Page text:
By Claire West
The fragile global recovery has gone into reverse in the third quarter of 2010, with investment and business confidence suffering a serious setback, according to the latest survey of finance professionals by ACCA (the Association of Chartered Certified Accountants).
Nearly half (49%) of the 1,895 professional accountants surveyed by ACCA believe that conditions are stagnating or deteriorating, and for the first time in the survey’s two years, ACCA’s key economic and business confidence indicators have not pointed towards improving conditions.
Crucially, the report says, the outlook for new orders has weakened in the last three months and more respondents are now reporting concerns about whether their suppliers can continue to be viable. Inflation continued to rise in the last quarter, with 35% of respondents seeing an increase in their operating costs, while slightly more accountants reported that their firms and clients could not get vital finance from banks and other lenders than three months ago.
While ACCA has warned that it is too early to tell whether any particular economies are about to suffer a renewed downturn, it expects that the next quarter’s figures will show whether we are dealing with a temporary ‘pause for breath’ or something much more dangerous. The probability of the latter is reinforced by a sharp deterioration in the survey’s investment indices. ACCA believes that governments’ gradual withdrawal of support for investment over the past nine months is now beginning to tell as demand and financing conditions weaken once again.
Accountants based in Western Europe believe that their governments will reduce spending substantially over the next five years, and those in the Americas are slowly coming to anticipate some measure of austerity as well. On the other hand, ACCA members in Africa and Asia expect public spending to rise substantially. Of those, members in the Asia Pacific region are much more confident that their governments can afford increased levels of spending, while those based in South Asia and Africa expect a tough balancing act ahead.
The picture in the United Kingdom
Confidence in the global economic recovery has taken a hit in the UK, with more than two thirds of the 405 respondents (69%, up from 60%) now expecting either stagnation or further deterioration. Consequently, respondents’ confidence in the prospects of their own organisations fell further than in any quarter since mid-2009, with 37% reporting loss of confidence.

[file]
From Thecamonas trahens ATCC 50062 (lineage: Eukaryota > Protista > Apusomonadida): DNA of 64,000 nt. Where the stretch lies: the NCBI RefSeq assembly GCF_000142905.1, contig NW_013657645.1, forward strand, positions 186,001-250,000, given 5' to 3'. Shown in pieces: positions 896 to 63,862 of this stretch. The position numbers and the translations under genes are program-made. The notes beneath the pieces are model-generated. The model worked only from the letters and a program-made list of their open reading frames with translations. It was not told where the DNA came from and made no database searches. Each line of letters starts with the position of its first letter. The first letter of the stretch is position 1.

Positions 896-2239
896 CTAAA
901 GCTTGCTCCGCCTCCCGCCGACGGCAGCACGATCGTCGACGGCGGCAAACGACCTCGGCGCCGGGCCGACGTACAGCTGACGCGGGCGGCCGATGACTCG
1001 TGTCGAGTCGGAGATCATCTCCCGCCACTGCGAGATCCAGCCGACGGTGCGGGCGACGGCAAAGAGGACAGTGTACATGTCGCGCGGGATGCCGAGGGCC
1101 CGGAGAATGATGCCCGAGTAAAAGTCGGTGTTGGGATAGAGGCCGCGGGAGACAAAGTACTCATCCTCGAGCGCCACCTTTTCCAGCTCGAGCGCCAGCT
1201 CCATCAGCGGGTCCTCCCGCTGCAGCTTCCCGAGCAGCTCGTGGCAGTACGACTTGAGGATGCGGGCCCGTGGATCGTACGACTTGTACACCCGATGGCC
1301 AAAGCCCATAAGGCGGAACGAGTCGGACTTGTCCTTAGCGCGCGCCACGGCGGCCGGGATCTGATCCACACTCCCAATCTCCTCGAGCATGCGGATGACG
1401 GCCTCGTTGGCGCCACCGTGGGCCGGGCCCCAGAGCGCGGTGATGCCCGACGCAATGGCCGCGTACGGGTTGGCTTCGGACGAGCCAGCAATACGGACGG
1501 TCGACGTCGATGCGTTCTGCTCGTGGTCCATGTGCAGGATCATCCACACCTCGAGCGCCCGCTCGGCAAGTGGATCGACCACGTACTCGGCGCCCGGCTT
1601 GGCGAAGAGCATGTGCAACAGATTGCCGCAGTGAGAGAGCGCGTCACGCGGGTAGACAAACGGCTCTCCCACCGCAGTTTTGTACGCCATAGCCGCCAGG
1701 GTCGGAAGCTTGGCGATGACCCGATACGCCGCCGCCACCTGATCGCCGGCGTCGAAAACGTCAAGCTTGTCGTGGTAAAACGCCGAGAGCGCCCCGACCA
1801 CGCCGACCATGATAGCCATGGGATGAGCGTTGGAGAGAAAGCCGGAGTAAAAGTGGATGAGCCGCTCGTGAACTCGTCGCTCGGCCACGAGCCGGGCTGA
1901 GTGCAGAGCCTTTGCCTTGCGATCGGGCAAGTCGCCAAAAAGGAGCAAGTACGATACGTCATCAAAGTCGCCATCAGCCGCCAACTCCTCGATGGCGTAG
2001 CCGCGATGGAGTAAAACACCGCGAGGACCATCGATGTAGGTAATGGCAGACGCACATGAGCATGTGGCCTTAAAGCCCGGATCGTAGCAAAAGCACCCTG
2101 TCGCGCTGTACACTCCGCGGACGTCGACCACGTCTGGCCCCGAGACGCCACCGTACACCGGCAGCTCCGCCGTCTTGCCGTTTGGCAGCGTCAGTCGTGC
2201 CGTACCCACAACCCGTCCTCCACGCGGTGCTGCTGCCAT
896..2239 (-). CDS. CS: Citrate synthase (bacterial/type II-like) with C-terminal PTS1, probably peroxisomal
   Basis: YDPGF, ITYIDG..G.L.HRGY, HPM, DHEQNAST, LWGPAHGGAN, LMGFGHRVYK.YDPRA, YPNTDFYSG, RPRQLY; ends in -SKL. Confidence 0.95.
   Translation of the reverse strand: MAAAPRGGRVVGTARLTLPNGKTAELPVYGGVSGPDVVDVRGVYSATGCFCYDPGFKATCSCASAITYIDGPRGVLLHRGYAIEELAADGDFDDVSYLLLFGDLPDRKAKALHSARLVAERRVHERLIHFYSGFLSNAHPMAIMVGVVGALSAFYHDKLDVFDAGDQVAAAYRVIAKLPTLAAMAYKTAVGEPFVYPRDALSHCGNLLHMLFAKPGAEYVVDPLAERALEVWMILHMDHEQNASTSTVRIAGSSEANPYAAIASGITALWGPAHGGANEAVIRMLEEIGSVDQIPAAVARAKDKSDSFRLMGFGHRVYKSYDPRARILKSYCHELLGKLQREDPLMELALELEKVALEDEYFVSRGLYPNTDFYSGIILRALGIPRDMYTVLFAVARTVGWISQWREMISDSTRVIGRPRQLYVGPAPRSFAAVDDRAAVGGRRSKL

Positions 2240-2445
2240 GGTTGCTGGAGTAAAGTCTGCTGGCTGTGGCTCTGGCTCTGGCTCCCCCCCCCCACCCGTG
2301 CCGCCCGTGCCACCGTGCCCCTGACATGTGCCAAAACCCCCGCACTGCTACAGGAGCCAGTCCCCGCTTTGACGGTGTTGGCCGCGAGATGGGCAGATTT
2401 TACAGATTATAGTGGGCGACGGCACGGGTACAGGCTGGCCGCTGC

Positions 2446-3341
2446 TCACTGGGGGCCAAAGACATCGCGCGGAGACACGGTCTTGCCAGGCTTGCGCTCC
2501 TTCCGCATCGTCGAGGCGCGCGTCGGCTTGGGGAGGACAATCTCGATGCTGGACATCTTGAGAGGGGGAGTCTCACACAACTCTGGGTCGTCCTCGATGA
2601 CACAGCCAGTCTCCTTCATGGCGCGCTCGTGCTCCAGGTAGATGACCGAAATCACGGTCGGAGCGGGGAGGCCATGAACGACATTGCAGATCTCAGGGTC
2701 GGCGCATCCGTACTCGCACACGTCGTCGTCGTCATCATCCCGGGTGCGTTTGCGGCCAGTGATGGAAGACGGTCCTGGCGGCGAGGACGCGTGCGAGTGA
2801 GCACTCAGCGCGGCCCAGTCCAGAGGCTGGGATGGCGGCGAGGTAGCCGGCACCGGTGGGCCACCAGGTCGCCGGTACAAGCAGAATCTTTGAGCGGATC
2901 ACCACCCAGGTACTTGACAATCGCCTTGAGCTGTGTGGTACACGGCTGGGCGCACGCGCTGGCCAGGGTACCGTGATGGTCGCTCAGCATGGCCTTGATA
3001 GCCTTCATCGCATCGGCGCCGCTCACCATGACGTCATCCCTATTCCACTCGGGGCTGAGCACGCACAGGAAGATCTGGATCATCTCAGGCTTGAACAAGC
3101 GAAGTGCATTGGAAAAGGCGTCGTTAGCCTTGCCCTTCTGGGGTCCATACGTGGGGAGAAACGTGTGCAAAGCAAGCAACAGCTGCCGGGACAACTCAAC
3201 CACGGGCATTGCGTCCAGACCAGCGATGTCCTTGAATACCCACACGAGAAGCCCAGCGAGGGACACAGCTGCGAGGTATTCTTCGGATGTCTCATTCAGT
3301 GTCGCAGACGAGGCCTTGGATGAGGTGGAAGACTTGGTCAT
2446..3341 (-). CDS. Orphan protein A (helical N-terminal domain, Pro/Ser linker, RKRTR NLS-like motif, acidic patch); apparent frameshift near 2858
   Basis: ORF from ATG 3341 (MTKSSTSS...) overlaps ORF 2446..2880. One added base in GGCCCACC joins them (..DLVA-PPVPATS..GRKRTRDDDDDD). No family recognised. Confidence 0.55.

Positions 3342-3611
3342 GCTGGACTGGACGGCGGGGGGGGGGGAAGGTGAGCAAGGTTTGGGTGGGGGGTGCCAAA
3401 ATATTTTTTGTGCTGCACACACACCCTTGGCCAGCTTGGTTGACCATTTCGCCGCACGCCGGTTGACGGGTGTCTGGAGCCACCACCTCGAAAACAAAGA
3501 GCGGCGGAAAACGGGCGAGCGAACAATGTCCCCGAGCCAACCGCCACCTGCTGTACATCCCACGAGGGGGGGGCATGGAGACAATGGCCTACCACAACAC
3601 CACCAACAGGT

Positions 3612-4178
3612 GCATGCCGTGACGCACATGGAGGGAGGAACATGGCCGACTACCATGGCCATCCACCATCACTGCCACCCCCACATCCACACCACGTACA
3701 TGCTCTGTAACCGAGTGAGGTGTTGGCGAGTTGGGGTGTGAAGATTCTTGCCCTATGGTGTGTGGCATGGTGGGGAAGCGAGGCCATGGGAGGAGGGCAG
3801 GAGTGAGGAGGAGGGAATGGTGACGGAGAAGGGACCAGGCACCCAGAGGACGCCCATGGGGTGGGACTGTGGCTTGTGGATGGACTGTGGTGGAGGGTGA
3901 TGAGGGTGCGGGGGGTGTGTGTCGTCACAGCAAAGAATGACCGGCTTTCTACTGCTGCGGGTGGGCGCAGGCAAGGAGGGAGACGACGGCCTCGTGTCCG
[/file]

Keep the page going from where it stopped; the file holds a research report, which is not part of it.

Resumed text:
Almost half of the UK sample (49%) reported falling income, while a third were concerned about their customers going out of business. Access to finance was also a commonly cited problem, although its incidence (31%) compared favourably, all things considered, than in much more buoyant economies such as Singapore and Australia. In fact, business conditions appeared to improve in the last quarter across all of ACCA’s indices, with the risk of suppliers going out of business as the only exception.
UK respondents reported that, cost-cutting aside, their businesses were seeking opportunities through expansion into new markets (18%) strengthening supply chain relationships (17%) and, increasingly, by investing in high quality standards (17%). Still, investment in staff and capital continued to fall at a rate faster than that reported in hard-hit Ireland.
One commonly cited reason for this is the fallout from fiscal austerity. Respondents in the UK now expect much more sweeping cuts than they did nine or twelve months ago, with 72% expecting spending to fall sharply over the next five years. Although this is a tighter fiscal outlook than even respondents in Ireland were expecting, UK members appear to have made their peace with spending cuts for the time being. An increasing share of respondents believe that the Government will strike the right balance (40%, up from 28% one year ago), and the risk of under-spending appears to have risen only slightly (40% to 48%). Overall, only one in nine respondents expect dangerous deviations from what they see as the ‘correct’ level of spending (11%; up from 19% one year ago), suggesting that austerity is not as much of a threat to the recovery in the UK as it is elsewhere.
As a result of this cautiously optimistic outlook on government spending, Government approval ratings among respondents in the UK have risen substantially, and crossed into positive territory for the first time since the surveys began. Just over a quarter (27%) of respondents rated government policies as ‘good’ or ‘very good’ (up from 20%), while another 44% rated them as ‘OK’ (up from 34%).
Andrew Leck , Head of ACCA UK, said: “ The latest survey shows that while confidence has significantly reduced among UK finance professionals, they have reconciled themselves to the austerity package developed by the Government, whose approval rating have actually risen. The fact that businesses may be less reliant on government intervention may actually be seen as a positive to come from these tough times.
" Access to finance is still a concern, and there has been a drop in investment in people and equipment. But our members are encouraging clients to seek new business, what will be telling is if our net survey shows that the drop in confidence is a blip - or the start of a double dip recession,” he added.